Tom Clancy's Splinter Cell Chaos Theory Review
Strictly on its own merits, this version is a good but unimpressive action adventure that still smacks of being a watered-down port of a technically superior game.
- Improved, more open-ended single-player campaign
- Innovative multiplayer mode is interesting, though difficult to master
- New cooperative mode offers some unique thrills.
- Shoddy frame rate and dismally dark graphics
- Co-op mode limited to split-screen; versus mode ripped from Pandora Tomorrow
- Campaign and co-op missions torn into bite-sized chunks.
The third iteration of the Tom Clancy's Splinter Cell stealth action franchise features the continuing adventures of Sam Fisher, a top secret agent who's sent in to accomplish the US government's dirty work when political situations go sour. It's also got a brand-new two-player cooperative mode, in addition to an updated version of the innovative spies-versus-mercenaries competitive multiplayer mode introduced in the second Splinter Cell game. So there's a lot to it, especially for Splinter Cell fans who felt a little too restricted while playing as Fisher in the previous games. With that said, Chaos Theory sometimes has a designed-by-committee feel due to its many disparate parts, and despite the game's grittier new theme and its new "Mature" rating, it's going to offer a familiar experience to Splinter Cell veterans. The PlayStation 2 version of the game is also much, much worse than the Xbox and PC versions of the game. Strictly on its own merits, this version is a good but unimpressive action adventure that still smacks of being a watered-down port of a technically superior game.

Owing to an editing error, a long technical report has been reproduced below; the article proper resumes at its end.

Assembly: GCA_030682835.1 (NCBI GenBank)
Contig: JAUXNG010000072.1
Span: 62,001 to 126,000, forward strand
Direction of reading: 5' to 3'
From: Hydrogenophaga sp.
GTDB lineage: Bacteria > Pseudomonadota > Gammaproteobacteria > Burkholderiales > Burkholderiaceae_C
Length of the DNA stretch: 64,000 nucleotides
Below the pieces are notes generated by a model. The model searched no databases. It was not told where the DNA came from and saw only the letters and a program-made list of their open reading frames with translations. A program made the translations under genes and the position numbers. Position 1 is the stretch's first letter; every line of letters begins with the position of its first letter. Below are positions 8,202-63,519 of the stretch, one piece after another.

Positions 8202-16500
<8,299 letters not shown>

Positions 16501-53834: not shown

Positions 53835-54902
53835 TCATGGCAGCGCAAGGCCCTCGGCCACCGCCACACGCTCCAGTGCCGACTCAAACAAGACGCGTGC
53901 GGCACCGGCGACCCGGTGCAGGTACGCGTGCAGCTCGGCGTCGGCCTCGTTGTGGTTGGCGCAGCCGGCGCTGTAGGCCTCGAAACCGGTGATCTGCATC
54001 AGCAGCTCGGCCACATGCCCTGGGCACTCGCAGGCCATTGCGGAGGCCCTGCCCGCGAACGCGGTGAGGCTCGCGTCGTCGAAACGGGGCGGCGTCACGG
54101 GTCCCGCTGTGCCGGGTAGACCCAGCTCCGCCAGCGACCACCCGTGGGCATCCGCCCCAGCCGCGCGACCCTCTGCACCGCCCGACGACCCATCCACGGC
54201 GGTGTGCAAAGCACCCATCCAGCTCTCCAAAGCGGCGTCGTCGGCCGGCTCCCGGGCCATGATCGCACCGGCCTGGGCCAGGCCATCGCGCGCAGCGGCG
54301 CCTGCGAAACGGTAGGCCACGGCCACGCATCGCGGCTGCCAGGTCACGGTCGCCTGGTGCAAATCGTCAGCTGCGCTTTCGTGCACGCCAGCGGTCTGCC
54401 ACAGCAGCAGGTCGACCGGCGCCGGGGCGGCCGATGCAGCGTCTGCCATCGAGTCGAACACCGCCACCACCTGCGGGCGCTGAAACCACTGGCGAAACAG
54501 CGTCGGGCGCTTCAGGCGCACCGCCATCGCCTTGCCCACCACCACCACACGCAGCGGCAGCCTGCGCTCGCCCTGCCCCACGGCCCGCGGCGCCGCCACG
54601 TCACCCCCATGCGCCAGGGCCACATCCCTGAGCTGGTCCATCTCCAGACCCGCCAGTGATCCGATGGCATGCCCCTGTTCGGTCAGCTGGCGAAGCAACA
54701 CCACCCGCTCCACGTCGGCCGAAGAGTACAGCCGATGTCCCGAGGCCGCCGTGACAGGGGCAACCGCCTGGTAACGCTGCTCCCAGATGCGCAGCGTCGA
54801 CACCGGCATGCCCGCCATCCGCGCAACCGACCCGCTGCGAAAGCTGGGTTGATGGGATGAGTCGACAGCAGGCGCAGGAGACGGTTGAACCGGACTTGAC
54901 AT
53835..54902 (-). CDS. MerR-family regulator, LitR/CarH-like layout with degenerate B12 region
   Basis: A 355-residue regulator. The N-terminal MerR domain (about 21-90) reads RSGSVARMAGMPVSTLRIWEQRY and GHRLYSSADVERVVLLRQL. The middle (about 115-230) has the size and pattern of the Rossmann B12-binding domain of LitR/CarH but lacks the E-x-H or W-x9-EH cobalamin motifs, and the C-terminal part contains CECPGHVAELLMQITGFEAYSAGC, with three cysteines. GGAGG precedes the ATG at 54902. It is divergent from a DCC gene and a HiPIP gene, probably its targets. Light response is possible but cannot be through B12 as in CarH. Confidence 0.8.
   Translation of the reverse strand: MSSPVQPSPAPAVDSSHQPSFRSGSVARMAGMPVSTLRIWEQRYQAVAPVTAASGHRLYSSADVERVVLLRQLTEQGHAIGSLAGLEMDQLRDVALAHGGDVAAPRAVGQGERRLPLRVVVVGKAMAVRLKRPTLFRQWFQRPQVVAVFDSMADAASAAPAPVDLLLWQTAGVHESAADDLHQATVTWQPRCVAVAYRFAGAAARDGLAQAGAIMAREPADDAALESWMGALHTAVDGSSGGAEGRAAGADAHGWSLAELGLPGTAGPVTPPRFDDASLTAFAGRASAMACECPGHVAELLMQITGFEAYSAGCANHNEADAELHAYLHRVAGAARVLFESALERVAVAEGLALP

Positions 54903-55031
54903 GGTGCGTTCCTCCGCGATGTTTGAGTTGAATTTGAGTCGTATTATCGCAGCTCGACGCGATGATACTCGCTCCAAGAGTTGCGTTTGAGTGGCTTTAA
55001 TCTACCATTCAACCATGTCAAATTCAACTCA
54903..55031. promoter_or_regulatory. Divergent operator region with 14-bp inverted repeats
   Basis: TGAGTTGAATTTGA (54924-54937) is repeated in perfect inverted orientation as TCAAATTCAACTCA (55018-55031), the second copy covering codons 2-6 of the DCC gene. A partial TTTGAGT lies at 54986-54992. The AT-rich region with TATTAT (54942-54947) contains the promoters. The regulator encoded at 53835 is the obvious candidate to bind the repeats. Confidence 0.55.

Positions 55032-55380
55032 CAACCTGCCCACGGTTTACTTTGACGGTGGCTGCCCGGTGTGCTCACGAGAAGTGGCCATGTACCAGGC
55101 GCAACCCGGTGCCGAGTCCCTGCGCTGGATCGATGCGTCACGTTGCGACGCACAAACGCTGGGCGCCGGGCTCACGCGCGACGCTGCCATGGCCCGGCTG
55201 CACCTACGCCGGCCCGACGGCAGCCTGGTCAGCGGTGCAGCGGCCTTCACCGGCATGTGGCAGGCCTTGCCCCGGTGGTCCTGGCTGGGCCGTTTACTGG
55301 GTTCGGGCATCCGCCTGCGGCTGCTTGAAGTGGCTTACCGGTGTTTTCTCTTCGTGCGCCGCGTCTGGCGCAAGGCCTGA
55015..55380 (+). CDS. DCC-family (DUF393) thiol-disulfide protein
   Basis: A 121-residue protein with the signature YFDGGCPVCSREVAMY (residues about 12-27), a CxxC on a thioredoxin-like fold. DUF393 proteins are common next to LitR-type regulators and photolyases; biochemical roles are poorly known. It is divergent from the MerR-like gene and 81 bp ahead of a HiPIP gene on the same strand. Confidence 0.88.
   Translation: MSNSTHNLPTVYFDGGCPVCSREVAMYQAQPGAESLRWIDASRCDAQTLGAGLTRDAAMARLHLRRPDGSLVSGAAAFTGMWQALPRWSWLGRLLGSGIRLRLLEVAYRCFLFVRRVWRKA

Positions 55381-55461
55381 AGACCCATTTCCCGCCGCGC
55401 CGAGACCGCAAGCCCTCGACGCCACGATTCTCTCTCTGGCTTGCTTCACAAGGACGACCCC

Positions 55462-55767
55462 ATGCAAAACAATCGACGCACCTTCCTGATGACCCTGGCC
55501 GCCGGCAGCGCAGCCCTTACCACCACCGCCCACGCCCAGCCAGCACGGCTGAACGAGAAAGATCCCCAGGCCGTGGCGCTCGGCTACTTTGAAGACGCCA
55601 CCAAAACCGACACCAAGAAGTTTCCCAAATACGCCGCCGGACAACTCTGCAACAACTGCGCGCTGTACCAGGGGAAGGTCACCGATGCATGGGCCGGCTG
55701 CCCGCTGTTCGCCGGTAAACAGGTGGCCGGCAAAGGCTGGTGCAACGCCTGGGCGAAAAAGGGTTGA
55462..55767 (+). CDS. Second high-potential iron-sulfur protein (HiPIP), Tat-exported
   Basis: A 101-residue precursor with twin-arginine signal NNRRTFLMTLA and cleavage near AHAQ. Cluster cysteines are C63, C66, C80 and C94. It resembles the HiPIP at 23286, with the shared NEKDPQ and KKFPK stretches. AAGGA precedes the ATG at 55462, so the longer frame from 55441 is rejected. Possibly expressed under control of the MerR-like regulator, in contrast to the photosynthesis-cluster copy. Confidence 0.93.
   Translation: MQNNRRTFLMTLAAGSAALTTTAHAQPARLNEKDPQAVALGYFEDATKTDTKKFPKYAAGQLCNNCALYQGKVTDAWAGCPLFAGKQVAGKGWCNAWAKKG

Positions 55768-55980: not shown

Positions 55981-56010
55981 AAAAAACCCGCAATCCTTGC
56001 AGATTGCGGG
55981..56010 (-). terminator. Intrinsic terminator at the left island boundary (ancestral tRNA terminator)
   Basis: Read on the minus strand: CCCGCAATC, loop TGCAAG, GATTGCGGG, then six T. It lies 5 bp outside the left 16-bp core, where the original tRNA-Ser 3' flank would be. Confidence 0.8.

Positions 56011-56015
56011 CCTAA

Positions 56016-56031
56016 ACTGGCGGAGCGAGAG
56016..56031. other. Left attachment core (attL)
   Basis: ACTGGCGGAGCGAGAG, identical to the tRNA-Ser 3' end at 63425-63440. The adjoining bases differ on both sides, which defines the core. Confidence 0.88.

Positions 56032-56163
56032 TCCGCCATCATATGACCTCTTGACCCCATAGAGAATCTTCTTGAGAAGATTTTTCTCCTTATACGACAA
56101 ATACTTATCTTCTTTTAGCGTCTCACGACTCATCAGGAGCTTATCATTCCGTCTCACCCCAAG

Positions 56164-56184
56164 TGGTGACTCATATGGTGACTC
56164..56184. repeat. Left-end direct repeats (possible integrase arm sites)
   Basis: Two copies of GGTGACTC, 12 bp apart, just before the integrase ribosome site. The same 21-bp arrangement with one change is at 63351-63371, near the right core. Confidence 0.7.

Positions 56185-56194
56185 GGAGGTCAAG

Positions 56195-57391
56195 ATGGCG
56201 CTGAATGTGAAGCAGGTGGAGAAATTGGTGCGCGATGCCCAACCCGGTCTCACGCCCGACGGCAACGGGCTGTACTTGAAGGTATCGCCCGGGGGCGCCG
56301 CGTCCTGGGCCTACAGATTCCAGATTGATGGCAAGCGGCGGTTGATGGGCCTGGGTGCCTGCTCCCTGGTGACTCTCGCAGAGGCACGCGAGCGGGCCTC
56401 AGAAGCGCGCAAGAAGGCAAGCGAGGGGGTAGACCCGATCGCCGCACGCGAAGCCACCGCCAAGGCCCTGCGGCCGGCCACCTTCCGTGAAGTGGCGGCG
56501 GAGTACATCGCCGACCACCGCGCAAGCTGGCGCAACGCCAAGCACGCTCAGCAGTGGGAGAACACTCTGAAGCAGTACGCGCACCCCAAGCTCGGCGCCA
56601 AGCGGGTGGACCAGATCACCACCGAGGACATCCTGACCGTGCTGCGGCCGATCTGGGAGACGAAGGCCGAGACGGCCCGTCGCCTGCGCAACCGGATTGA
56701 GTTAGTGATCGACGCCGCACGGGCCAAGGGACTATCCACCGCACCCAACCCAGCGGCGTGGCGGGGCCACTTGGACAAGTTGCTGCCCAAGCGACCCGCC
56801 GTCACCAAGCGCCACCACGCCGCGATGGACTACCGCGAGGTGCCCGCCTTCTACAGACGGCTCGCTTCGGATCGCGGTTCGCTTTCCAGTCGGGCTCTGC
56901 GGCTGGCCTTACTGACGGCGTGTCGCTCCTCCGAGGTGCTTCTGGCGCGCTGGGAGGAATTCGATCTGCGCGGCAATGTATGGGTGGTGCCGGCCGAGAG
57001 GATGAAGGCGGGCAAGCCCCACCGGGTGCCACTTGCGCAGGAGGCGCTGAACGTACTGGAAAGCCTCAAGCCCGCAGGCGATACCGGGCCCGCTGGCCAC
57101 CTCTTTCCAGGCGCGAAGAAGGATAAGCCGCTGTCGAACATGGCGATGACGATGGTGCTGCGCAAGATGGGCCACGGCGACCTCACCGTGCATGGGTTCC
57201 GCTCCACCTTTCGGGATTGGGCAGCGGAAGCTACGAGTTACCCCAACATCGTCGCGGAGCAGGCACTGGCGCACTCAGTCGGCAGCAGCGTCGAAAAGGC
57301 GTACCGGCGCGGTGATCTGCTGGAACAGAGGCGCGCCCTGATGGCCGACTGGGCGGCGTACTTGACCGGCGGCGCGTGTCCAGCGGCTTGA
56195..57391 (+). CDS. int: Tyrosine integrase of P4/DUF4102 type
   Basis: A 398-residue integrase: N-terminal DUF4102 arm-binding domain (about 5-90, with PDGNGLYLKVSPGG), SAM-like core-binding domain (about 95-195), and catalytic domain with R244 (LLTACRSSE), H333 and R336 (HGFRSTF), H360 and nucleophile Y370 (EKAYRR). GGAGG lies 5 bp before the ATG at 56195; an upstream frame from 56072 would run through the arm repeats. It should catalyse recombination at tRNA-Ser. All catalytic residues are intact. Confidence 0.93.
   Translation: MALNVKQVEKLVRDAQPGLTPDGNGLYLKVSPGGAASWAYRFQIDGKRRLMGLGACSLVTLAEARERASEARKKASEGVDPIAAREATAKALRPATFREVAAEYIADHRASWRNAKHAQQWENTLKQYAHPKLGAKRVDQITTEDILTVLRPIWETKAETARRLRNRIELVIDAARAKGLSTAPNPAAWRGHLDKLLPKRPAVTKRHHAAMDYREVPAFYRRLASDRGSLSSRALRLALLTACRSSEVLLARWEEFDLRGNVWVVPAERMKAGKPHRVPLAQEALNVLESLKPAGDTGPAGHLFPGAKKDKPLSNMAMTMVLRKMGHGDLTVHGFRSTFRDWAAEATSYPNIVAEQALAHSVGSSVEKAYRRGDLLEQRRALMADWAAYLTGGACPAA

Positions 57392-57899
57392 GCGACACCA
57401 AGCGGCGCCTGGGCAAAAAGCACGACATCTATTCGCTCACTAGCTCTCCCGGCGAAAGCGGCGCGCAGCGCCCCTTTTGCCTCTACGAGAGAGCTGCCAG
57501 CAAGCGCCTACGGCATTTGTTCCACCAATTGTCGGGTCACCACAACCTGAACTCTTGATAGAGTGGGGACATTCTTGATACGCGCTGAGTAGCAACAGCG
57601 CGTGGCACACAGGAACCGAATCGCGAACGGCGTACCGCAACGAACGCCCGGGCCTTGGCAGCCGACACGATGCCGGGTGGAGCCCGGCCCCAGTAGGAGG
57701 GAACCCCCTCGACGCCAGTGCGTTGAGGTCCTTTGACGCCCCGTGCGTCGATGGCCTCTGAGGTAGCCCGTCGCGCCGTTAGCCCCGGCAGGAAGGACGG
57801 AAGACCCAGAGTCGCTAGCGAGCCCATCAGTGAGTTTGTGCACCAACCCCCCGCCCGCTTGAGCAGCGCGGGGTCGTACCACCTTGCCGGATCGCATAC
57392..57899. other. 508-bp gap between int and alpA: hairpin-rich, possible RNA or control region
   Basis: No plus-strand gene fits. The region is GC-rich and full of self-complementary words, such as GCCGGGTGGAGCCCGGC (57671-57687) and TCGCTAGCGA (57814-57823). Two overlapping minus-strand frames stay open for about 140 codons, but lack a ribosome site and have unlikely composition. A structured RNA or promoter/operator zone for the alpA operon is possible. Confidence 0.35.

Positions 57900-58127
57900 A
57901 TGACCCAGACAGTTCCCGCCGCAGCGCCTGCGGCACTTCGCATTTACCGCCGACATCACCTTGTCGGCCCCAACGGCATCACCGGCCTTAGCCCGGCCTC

Though the competitive multiplayer mode and new cooperative campaign are the most original aspects of Chaos Theory, the solo campaign is the highlight. It's once again composed of a linear series of missions, but these are generally somewhat bigger, more open-ended, and more fun than those of the previous games. Set in the near future, the campaign focuses on the threat of informational warfare and a tenuous relationship between the United States, North Korea, and Japan. Enter Sam Fisher, who's summoned to various international hot spots to find the truth, and possibly to silence certain dangerous individuals. You'll control him from a third-person perspective as he infiltrates enemy compounds and ventilates his foes.
Though the premise of the story is a techno-thriller that lives up to the Tom Clancy name, storytelling has never been Splinter Cell's strong suit, and Chaos Theory is no exception. Some unfocused between-mission cutscenes sometimes set the stage for your next assignment, but a lot of your mission details are conveyed in boring, easily skippable premission monologues by your commanding officers and informants. Unsurprisingly, the best parts of the story happen during the missions themselves, where you'll often hear Fisher exchanging banter with his off-site crew. Fisher, once again brought to life by gravelly voiced actor Michael Ironside (Total Recall, Starship Troopers), is a great character, thanks to his dry, melancholy sense of humor. But the game sometimes tries too hard to be clever, with a few highly conspicuous attempts at self-referential jokes. At any rate, you shouldn't play this game for the plot--you should play it because no other game does this well at making you feel like a deadly spy working behind enemy lines.